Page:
Yenawine, J.S. (1997, November 8). A Sisterhood Made Not Born. Whatever: A weekly column by writers in their twenties. The Boston Globe, pp. C5,C6.
Pondering a newborn baby’s expressions at the adoption agency where she had begun working, this writer pondered adoption in her own family:
Mi Hae became part of my family through adoption from Korea when she was 7 months old. My parents named her Jenny, but a few years ago she took back her birth name. She is now 25, and I am 28, and we have passed through the competitiveness of childhood and the grouchiness of teenage years spent sharing a room that was far too small. We are now arriving at a point of some real understanding.
Partly because of my new job, we have talked a lot about her adoption, and my version of Mi Hae’s integration into our family has begun shifting…I have always thought that ‘forgetting’ (that her sister was really Korean) was a mark of how natural it was to me that we were family. Only recently did I begin to think about the fact that Mi Hae could never ‘forget’ that she looked differently.
Ironically, Mi Hae fit in at our nearly all-white high school in Vermont better than I did. In our school, as in most, to be ‘different’ was to die a slow, lingering death. While I survived by merely fading into the background and turning the Violent Femmes up loud, Mi Hae proved she belonged with clothes, makeup, a dizzying whirl of extracurricular activities. Looking back now, I know Mi Hae fit in better partly because she had more at stake.
We did not talk much then about how race and adoption affected us; time and experience are teaching us now their significance. Now in our almost-daily phone conversations, these issues come up naturally. She tells me that she feels scarred because her birth bond with her first mother was broken. I hear that racism was an everyday part of her life growing up in Vermont. She challenges the rightness of her adoption by a white family, into a culture far removed from the one she was born to.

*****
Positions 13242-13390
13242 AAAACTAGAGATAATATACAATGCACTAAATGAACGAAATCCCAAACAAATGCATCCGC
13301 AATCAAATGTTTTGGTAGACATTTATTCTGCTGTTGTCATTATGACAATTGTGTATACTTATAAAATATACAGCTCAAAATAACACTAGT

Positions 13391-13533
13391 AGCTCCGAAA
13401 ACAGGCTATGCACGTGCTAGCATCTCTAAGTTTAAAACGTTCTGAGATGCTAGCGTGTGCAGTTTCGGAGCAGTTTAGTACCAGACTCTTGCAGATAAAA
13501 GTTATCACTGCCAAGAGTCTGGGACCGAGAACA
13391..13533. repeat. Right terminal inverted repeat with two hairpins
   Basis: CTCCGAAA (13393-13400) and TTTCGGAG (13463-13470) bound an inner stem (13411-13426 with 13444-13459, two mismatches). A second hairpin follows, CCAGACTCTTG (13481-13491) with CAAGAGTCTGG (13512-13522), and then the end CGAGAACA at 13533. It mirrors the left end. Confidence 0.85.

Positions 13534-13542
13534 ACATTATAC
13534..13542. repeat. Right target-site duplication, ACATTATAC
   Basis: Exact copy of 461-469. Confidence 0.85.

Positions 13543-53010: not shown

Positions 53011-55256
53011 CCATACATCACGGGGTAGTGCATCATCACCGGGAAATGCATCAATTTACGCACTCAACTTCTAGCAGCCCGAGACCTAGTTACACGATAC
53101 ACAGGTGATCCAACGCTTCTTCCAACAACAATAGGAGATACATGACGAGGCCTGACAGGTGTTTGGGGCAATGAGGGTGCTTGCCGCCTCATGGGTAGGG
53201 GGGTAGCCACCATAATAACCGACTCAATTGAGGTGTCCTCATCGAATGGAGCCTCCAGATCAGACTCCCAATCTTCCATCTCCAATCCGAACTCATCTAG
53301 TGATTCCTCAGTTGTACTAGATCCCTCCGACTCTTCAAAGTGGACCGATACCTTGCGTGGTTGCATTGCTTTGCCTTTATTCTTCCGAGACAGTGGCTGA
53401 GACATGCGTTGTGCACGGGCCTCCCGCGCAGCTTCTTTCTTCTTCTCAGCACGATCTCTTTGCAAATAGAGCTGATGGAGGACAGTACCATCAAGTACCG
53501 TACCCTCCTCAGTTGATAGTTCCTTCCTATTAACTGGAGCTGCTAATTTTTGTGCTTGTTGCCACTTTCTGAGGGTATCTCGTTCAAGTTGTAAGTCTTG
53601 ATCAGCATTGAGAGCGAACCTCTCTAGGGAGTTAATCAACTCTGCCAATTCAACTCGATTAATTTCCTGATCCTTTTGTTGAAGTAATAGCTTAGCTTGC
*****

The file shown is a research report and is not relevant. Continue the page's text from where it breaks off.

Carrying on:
The writer explains how, rather than saying she does not wish to be part of her adoptive family; her sister is rather expressing the hurt of things lost in separation and suffered in the process of integration and adjustment. “Adoption is as much about the loss of a family as it is about the completion of one.”
Joan and Mi Hae have come to accept each other as sisters “with inseparable histories that bind us securely to each other. We are each other’s best, most stalwart, and oldest friend.” They have moved from denying to accepting the differences between them, and in that acceptance found the difference to be less than they once feared.
Questions for Reflection and Discussion
- What most impresses or distresses you in reading this article?
- How important is the identity crisis for teenagers and young adults? What is it more crucial and painful for them at that age? How does “fitting in” and peer pressure relate to the working out one’s identity?
- Do adults understand “the slow, lingering death” felt by teens taunted or silently ignored for not fitting in?
- What do you feel and what do you believe about interracial adoption? Can you speak to its benefits and its disadvantages?
- It is crucial for adults and society generally to understand the importance and difficulty in the adolescent identity crisis. Working out one’s ethnic or racial identity (as well as sexual, social, vocational identities) is part of this process. Teenagers feel a self-conscious pressure to define themselves and fit in that early and later ages do not feel…at least not with the same intensity.
- It is also crucial for children and young people to have supportive families in which to be protected and nurtured. Orphans and neglected infants and children desperately need families.
- As a child grows, the influence of social systems such as school, media, community, and friends become more important as the influence of the family wanes somewhat. The provision of family must therefore be considered along with other factors in weighing the appropriateness of interracial adoptions.
- There is probably no absolute answer to whether or not white parents should ever adopt a black child or a Euro-family receive an Asian infant into its family by adoption. It is clear that ethnic, racial, and identity issues must be taken seriously and that the adoptive family must make strong commitments to the culture of the adopted child.
© 2018 CYS